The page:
Welcome to our Gardens

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My husband, Greg, and I are avid gardeners. Below are some photos of the work we have done together over the past 25yrs.

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Since adopting these 2 rural acres in Ward 6 in 1989, we have planted hundreds of native trees, shrubs and perennials. Our purchases have been concentrated on drought tolerant species that can cope with the vagaries clay. We only provide supplemental water during their first year of establishment and then expect plants to cope on their own. We capture and recycle rainwater through multiple rain barrels and a system which connects our eavestroughs to a large underground cistern installed by Watson Excavating.

We have never used chemicals on our property, preferring to manually pull weeds as we can and accept the many imperfections of nature. To lessen the weeding and retain soil moisture, we divide and move groundcovers each spring. We compost all kitchen waste, leaves and yard debris to feed our plants. Every year we participate in the Region’s fantastic Compost Give Away as well as purchase a truckload of Gro-Bark’s CPM® Composted Pine Mulch.

Greg embraces good hard, physical work. He has laboured with stone over the past 25yrs to create our gatehouse, garage, garden walls and curving pathways. With wood he has designed and built two gazebos and an arbour – the last two for the weddings we have hosted for family and dear friends. It is rewarding to design the gardens, knowing there isn’t any project that Greg wouldn’t or couldn’t tackle for me. The final photo is of Greg proudly showing off the beech tree he planted, generously purchased by Dr. Leith’s family to honour Greg’s mother who passed away December 2013.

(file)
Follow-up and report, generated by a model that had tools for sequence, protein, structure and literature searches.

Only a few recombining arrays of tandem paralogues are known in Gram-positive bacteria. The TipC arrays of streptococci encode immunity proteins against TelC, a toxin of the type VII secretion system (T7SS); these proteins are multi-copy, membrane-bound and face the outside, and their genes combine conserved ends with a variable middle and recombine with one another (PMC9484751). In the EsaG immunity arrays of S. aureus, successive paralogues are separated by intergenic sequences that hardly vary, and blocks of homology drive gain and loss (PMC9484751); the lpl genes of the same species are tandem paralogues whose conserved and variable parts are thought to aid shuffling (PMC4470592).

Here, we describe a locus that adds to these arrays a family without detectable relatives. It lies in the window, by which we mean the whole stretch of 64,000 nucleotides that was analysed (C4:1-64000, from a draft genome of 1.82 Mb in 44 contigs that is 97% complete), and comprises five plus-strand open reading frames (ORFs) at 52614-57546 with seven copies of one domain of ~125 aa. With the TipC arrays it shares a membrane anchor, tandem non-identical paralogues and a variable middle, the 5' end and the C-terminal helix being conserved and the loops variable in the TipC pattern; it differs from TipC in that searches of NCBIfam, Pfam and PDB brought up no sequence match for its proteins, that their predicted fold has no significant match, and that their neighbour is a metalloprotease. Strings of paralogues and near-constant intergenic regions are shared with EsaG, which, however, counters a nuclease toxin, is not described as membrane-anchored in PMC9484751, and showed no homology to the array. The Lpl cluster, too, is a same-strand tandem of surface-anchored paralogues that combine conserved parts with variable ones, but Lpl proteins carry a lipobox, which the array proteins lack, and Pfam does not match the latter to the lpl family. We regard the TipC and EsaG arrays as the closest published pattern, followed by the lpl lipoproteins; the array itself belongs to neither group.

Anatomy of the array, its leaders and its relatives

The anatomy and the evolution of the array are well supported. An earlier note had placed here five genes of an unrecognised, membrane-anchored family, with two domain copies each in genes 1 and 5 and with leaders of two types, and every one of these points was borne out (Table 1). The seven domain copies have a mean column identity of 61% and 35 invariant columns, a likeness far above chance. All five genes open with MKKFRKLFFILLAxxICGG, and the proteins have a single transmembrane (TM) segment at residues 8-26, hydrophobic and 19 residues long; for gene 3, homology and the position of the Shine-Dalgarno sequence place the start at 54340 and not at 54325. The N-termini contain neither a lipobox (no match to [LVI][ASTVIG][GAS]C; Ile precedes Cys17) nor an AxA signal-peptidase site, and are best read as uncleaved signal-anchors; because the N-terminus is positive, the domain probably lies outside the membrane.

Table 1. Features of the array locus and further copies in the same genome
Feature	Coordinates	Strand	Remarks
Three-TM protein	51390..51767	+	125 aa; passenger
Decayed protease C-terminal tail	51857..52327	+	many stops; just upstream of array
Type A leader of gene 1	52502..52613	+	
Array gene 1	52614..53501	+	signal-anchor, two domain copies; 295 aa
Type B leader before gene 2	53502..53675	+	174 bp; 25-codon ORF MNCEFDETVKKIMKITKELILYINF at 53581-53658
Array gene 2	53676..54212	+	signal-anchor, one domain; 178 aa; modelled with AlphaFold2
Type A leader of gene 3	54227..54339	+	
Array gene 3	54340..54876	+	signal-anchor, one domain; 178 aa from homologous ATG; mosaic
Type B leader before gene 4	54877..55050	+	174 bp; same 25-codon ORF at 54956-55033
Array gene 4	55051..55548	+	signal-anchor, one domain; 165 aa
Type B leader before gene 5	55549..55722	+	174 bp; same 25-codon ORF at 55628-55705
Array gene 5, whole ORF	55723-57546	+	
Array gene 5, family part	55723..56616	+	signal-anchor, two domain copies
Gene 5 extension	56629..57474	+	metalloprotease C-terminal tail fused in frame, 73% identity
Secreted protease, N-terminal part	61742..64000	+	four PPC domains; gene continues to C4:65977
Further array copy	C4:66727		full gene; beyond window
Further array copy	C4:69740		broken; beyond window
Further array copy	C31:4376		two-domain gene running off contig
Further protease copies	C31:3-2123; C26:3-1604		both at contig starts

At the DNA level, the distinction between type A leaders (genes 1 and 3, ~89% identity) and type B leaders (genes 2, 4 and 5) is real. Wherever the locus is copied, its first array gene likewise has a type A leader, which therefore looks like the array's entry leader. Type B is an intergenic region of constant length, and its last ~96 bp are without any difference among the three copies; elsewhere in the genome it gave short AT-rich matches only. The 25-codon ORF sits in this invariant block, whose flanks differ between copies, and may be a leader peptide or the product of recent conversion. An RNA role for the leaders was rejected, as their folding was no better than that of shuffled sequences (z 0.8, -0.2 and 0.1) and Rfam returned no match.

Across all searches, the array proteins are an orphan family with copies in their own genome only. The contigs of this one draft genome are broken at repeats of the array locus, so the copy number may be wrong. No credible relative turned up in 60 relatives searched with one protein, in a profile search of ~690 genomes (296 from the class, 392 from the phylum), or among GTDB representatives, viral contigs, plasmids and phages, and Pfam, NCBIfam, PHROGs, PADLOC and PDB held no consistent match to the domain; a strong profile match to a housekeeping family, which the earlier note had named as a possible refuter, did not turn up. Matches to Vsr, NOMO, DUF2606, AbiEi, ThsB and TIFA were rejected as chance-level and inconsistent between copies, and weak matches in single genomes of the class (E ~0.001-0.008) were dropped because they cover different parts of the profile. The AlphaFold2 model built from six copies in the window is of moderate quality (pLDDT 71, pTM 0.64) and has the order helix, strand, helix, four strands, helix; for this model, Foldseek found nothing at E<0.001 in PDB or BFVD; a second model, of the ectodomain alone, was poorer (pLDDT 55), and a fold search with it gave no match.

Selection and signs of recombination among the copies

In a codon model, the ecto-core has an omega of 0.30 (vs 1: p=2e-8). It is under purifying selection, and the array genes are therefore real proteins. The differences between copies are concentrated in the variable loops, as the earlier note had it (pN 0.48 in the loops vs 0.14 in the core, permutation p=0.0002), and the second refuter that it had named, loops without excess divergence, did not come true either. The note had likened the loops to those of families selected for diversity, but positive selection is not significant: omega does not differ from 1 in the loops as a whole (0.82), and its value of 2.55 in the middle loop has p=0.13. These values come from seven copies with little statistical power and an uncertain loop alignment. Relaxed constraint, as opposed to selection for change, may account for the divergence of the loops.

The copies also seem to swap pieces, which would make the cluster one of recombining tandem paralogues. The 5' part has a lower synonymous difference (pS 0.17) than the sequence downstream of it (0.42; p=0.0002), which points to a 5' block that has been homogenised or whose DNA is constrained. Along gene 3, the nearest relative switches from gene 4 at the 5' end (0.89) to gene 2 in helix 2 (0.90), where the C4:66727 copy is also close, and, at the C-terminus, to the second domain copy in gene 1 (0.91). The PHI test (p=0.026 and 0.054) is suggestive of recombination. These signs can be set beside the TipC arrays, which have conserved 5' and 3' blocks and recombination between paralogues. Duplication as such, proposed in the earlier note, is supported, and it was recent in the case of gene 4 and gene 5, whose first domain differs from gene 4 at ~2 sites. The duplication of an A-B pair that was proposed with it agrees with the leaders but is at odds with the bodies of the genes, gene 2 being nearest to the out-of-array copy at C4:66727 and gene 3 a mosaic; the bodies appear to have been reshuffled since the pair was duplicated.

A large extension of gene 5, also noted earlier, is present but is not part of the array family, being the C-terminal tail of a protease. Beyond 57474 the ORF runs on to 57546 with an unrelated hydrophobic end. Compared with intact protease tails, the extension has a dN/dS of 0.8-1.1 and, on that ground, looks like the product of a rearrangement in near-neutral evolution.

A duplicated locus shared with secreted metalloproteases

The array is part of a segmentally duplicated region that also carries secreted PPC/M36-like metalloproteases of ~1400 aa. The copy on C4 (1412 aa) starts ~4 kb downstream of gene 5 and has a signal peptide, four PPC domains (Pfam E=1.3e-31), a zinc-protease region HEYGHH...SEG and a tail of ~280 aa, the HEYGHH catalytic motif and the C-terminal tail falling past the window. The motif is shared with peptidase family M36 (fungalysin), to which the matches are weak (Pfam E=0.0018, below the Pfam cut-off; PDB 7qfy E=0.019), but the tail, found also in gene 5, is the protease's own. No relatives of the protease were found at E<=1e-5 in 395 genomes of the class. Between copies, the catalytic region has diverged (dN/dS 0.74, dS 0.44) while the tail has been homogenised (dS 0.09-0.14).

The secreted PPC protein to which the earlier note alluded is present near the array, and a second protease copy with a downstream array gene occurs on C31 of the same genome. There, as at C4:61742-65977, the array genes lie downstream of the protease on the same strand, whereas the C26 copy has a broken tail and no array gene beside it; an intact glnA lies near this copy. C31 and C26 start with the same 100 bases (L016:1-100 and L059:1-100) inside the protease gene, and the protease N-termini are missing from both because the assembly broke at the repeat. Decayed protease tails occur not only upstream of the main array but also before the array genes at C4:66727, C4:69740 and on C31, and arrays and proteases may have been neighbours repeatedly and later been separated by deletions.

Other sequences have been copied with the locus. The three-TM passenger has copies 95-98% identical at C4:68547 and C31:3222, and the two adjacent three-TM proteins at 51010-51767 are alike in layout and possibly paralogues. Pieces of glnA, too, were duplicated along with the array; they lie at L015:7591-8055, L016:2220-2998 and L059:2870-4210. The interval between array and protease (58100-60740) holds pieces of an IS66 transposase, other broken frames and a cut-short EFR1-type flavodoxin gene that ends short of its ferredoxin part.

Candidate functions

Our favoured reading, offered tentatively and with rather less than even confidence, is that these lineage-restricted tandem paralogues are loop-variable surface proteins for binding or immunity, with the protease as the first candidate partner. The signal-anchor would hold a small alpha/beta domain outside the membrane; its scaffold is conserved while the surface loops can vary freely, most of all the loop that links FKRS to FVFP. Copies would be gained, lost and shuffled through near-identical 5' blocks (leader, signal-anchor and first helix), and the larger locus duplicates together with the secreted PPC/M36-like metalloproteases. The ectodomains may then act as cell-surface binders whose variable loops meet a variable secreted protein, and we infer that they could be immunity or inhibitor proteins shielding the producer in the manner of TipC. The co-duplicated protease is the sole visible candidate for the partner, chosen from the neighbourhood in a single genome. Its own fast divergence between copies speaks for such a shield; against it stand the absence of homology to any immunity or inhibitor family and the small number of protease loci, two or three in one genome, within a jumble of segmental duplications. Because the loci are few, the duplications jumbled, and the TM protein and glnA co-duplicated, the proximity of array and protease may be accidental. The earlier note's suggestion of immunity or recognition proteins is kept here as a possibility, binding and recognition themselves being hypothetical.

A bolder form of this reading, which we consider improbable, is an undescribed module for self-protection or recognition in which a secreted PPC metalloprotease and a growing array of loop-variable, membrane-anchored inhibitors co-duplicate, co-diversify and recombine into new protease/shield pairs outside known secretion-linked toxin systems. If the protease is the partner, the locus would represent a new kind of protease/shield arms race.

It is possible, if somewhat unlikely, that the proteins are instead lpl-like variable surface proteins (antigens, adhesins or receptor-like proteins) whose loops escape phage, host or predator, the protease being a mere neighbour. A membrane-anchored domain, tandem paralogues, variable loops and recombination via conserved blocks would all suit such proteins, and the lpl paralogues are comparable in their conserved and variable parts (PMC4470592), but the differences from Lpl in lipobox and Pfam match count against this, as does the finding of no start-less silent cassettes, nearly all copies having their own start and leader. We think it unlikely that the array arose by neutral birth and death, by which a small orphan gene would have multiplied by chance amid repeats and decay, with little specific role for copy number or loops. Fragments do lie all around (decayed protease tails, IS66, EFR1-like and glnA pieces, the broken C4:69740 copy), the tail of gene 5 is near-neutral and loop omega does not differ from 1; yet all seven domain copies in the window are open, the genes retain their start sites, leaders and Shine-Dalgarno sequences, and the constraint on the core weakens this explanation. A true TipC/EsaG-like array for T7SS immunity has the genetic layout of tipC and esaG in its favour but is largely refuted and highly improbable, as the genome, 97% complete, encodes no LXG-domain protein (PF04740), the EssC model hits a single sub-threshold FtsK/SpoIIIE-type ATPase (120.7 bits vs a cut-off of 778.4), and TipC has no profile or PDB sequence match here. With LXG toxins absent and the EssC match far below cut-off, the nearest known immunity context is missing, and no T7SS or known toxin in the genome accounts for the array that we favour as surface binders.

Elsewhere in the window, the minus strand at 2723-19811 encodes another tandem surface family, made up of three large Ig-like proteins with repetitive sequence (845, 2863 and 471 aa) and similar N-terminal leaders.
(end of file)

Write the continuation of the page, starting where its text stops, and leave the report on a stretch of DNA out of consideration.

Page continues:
We’ve learned a lot from Whistling GardensAmerican Conifer Society, GardenWeb forums, numerous landscape blogs and the Fine Gardening magazine. We have worked extensively with Sean James of Fern Ridge Landscaping and Eco-Consulting to install a pond with waterfall and a small arboretum.

To honour my father after he died in September 2012, I transplanted poppies to our front gates. My father volunteered to serve with the RCAF in 1939 and was completing his second tour when his bomber was shot down over Hamburg, Germany in 1944. He was captured and held as a POW in Stalag Luft III for nine months. While the poppies are messy once they’ve finished blooming; their short-lived glory serves as a poignant reminder to my family of our Papa.

I will never forget the joy my mother derived from gardening. As a child, I didn’t understand it. As an older mother, as I fiddle about in different sections of our garden, they each bring an image to me … of the children throwing water balloons down from the 3rd story of the treehouse, of the younger siblings sitting on the stone wall waiting for the Kilbride school bus, of hiding treasures for our annual Easter egg hunt, of the kids squealing with delight as they pumped to get the swings higher and higher. I love to remember both my sister’s weddings here and dream of my children’s to come.

Indeed, our gardens hold so many family memories that it’s not hard to understand why I look through the frost covered window each winter with such yearning for spring.

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